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statutory interpretation strongly suggest such a result. According, just because Section 21F expressly defines the term “whistleblower” to require a report to the SEC does not mean that the plain language of that definition must control in the face of arguably conflicting statutory language or other persuasive indications of legislative intent. See generally Bond,134 S.Ct. at 2091.In determining whether the DFA’s definition of “whistleblower” itself compels the outcome in this case, the Court must consider the “specific context in which that language is used, and the broader context of the statute as a whole.” Robinson, 519 U.S. at 341, 117 S.Ct. 843. Digital Realty argues that there is no conflict between the provisions of the DFA which would render the statute ambiguous, and thus there is no reason to defer to the SEC’s interpretation of the statute. For the reasons explained below, the Court disagrees.

i. The Whistleblower Definition Would Render Subsection (iii) Superflous Because That Definition Conflicts with Various Provisions of Subsection (iii) Which Clearly Contemplate Only Internal Reports, and not Reports to the SEC

As noted above, the broad language of subsection (iii) is arguably in tension with the narrower definition of a whistleblower contained in Section 21F(a)(6). As Judge Koh observed in Connolly, subsection (iii) would be rendered meaningless by the strict application of the definition of “whistleblower” under the DFA because subsection (iii) appears to contemplate a broad scope of protection for individuals who do not make reports to the Commission. Connolly, 2014 WL 5473144, at *6. A number of courts are in accord. See footnote 3, supra.

Despite the fact that a number of courts have found that subsection (iii) of the DFA “would be ineffective if whistleblowers must report directly to the SEC,” Connolly, 2014 WL 5473144, at *6, the Fifth Circuit has held that the restrictive definition of “whistleblower” articulated in Section 21F(a)(6) does not render Section 21F(h)(1)(a)(iii) superfluous. Asadi, 720 F.3d at 626. In support of this argument, the Fifth Circuit posited a hypothetical situation whereby the whistleblower protections of Section 21F(h)(1)(a)(iii) could have effect if an employee both internally reported securities law violations to his employer and to the SEC:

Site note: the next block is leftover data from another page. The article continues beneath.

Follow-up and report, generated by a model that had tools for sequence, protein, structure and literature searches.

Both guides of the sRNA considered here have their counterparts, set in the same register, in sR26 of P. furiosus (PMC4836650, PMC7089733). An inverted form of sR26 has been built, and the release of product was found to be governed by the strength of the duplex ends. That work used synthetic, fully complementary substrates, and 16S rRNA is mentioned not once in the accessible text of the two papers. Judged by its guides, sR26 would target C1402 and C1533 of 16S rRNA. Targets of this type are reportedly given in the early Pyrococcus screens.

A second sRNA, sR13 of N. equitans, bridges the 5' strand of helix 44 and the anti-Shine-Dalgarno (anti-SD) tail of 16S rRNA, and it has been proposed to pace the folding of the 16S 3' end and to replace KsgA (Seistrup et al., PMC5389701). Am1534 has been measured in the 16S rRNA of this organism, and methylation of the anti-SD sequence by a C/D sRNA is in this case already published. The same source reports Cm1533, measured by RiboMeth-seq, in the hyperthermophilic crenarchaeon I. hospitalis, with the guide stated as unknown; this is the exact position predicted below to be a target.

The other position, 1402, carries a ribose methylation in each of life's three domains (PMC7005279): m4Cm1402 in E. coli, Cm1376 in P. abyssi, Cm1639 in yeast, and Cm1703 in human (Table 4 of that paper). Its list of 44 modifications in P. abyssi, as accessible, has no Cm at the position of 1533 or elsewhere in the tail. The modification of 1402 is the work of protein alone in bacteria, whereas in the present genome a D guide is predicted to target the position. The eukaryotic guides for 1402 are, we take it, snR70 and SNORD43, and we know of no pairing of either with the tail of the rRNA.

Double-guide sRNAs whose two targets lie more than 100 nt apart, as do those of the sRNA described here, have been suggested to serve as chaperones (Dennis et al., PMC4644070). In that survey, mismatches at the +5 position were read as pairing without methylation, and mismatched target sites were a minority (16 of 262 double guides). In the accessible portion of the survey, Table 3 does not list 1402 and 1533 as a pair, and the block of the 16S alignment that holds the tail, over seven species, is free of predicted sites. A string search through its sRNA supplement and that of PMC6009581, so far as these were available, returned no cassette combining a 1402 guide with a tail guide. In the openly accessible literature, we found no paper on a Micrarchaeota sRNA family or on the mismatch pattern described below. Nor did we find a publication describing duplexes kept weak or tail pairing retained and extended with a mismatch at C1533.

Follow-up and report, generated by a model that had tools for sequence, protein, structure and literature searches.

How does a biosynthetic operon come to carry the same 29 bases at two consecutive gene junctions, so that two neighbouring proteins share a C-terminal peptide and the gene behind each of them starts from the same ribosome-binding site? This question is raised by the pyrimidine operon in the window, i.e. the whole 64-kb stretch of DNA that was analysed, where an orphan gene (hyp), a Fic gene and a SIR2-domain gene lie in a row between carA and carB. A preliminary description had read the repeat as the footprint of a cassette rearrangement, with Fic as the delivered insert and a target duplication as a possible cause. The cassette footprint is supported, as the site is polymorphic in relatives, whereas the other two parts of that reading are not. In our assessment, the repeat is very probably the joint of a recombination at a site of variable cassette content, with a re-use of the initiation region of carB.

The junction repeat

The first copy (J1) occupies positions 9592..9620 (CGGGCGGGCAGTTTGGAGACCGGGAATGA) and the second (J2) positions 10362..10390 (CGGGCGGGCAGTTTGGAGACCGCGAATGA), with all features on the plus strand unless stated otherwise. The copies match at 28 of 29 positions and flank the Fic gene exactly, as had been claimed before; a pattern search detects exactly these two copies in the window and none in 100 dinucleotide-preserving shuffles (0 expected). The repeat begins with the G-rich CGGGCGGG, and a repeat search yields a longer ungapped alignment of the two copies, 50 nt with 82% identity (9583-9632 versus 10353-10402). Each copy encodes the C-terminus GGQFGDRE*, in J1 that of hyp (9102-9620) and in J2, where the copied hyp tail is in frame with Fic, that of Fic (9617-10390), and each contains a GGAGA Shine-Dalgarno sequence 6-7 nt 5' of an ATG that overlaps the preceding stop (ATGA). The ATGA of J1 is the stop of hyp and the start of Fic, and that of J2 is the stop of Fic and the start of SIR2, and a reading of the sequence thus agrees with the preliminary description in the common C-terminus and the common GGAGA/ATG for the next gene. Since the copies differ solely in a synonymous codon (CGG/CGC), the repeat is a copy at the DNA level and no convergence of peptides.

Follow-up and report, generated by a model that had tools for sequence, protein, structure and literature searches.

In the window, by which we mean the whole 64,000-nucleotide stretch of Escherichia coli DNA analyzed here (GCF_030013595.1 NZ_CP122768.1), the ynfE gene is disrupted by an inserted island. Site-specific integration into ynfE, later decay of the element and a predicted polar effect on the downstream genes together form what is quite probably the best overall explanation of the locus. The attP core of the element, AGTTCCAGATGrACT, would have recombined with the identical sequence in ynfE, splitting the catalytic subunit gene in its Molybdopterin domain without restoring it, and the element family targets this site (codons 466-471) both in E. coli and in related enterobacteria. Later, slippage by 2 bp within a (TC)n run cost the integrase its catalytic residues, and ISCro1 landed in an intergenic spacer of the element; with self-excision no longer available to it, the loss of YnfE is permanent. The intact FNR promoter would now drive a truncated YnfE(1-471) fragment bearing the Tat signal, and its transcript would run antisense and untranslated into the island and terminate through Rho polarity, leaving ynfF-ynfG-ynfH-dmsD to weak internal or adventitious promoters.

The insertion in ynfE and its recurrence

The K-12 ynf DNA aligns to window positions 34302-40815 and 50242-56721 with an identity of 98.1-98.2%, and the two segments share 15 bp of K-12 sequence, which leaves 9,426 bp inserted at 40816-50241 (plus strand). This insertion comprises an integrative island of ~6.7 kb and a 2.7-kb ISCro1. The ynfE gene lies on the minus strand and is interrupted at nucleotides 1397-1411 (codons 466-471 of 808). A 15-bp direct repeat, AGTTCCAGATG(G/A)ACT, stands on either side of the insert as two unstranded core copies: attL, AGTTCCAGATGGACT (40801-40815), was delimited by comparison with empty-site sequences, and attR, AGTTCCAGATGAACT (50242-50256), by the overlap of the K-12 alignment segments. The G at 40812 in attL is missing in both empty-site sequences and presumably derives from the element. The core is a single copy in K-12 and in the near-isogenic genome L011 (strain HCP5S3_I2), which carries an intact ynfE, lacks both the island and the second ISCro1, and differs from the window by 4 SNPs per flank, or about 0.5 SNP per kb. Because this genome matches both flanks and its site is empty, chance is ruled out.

Assume a mid-level manager discovers a securities law violation. On the day he makes this discovery, he immediately reports this securities law violation (1) to his company’s chief executive officer (CEO) and (2) to the SEC. Unfortunately for the mid-level manager, the CEO, who is not yet aware of the disclosure to the SEC, immediately fires the mid-level manager. The mid-level manager, clearly a whistleblower as defined in Dodd-Frank because he provided information to the SEC relating to a securities law violation, would be unable to prove that he was retaliated against because of the report to the SEC. Accordingly, the first and second category of protected activity would not shield this whistleblower from retaliation. The third category of protected activity, however, protects the mid-level manager. In this scenario, the internal disclosure to the CEO, a person with supervisory authority over the mid-level manager, is protected under 18 U.S.C. ? 1514A, the anti-retaliation provision enacted as part of the Sarbanes-Oxley Act of 2002 (the SOX anti-retaliation provision). Accordingly, even though the CEO was not aware of the report to the SEC at the time he terminated the mid-level manager, the mid-level manager can state a claim under the Dodd-Frank whistleblower-protection provision because he was a whistleblower and suffered retaliation based on his disclosure to the CEO, which was protected under SOX.Id. at 627-28.

Digital Realty’s reliance on Asadi is misplaced. While the Court assumes, without deciding, that the above hypothetical posited in Asadi actually presents one situation where sections 21F(a)(6) and 21F(h)(1)(A)(iii) could be applied in harmony such that the latter section would not be superfluous,6 the Court finds there are other points of tension between these two provisions.